M y birthday falls out around Chanukah.

When I was a kid, I thought that meant bundled presents. That doesn’t sound so bad in theory: Take the price of two gifts, combine it, and you get one BIG gift, like an American Girl doll. (I know kids get them regularly today, but growing up, we had to be happy with the catalog — I knew ONE person who owned one.) But as I got older and wiser I realized that no, that’s not what actually happened: I got one gift and was told it was for both.

I don’t totally blame my parents for this: Buying gifts isn’t rocket science, it’s harder. If they could find an excuse and get away with it, good for them. I was sorry for me, though. Then there was the party issue: Everyone is in Chanukah spirit already, they don’t need an excuse like my birthday to have a great time.

Don’t feel sorry for me yet — that’ll come soon.

There was one glorious bright spot of my Chanukah birthday. Every year at my maternal grandparents’ party there would be an ice cream cake to celebrate my birthday. It was always the same cake, from the Ice Cream Center on 13th Avenue. Vanilla on top, chocolate on bottom, cookie crumbs separating the two. It was decorated with plastic roses, one pink, one blue. Piped in gel was Happy Birthday Esther and Raphael. Yup, I had to share it with my cousin, born ten days after me. I didn’t mind, really, because I don’t think we would have celebrated if it were just me. And he was a boy, so there was no competition, just the pink rose for me, and the blue rose for… well, he didn’t care about the blue rose. One year my younger cousin took the pink rose for herself. I can still access the horror of that loss. Serious childhood trauma here.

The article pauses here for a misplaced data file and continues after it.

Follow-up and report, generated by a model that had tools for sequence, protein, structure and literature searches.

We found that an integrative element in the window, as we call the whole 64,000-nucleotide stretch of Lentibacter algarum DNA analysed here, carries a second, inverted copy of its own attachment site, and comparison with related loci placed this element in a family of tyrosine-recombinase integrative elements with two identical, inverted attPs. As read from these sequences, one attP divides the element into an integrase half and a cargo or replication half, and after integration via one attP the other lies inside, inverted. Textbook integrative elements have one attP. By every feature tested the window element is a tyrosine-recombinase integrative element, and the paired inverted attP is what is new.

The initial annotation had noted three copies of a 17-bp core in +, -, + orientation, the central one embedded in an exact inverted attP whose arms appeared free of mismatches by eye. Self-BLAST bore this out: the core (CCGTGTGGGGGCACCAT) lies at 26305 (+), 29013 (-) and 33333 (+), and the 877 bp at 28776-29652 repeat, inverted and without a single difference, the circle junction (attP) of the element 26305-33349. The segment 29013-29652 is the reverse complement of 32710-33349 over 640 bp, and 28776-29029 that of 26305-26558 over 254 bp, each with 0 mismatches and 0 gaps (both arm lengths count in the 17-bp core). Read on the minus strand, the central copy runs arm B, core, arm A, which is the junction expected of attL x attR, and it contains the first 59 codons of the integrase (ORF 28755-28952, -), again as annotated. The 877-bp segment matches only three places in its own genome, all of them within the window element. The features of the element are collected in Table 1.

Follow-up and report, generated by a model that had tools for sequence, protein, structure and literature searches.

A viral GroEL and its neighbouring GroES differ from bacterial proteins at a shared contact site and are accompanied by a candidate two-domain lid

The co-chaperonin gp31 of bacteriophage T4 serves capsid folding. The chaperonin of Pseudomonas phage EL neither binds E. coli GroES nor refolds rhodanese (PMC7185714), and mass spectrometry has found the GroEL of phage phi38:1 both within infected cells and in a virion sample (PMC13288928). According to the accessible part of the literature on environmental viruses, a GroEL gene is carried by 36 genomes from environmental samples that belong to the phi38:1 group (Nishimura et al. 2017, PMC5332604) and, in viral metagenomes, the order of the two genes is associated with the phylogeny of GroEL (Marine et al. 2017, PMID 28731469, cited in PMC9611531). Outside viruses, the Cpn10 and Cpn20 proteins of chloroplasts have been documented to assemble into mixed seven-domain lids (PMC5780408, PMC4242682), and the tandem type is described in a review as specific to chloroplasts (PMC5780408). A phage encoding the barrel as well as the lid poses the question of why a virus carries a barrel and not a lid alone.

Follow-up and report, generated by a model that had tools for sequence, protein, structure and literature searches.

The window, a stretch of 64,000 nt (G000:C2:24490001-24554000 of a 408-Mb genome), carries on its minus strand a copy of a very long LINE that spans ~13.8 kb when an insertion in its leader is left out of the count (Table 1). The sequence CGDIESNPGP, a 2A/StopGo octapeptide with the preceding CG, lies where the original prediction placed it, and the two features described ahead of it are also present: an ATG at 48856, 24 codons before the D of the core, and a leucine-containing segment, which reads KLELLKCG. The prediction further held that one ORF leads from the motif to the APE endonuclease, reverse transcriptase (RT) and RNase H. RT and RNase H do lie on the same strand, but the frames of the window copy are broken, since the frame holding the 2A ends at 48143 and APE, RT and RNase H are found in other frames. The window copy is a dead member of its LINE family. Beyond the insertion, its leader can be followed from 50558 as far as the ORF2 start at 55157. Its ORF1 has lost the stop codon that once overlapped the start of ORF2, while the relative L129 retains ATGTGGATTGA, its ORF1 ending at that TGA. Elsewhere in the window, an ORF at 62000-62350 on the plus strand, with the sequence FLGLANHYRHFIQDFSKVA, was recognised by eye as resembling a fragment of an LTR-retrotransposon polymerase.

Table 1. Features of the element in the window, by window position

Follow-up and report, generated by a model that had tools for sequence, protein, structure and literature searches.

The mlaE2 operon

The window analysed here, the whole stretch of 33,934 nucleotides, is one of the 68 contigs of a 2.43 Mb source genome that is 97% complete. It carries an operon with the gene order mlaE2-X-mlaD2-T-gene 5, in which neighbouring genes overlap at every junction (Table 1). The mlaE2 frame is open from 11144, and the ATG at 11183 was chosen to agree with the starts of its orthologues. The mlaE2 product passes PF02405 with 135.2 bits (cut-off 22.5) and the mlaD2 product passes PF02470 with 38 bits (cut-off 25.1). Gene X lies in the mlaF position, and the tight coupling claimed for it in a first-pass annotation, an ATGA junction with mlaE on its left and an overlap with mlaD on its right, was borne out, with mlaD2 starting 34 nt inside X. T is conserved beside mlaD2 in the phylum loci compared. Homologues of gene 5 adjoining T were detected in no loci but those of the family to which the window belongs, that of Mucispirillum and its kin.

To me, this was Chanukah: birthdays, ice cream cakes, and taking toothy-grinned pictures next to my cousin.

This went on for many years. My cousin and I grew up, married, had kids, but come Chanukah we’d still pose like chassan and kallah with a birthday cake. And then, two years ago, something happened.

I remember too clearly where I stood, in my aunt and uncle’s home in Monsey, near the bay window where the menorahs were displayed — I can feel the horror and protest rising like bile in my throat — they brought out the birthday cake, Esther and Raphael, like always, and then added on was written: Mutti.

“Who’s Mutti?” I demanded. My cousin’s fairly new husband smiled jovially in my direction.

“It’s his birthday around now, too,” my uncle said.

I scowled.

My sister Malky piped up. “In that case, my Yaakov Mordechai should be on there, his birthday is now, too.”

I shot her a look. Traitor! (Excerpted from Family First, Issue 571)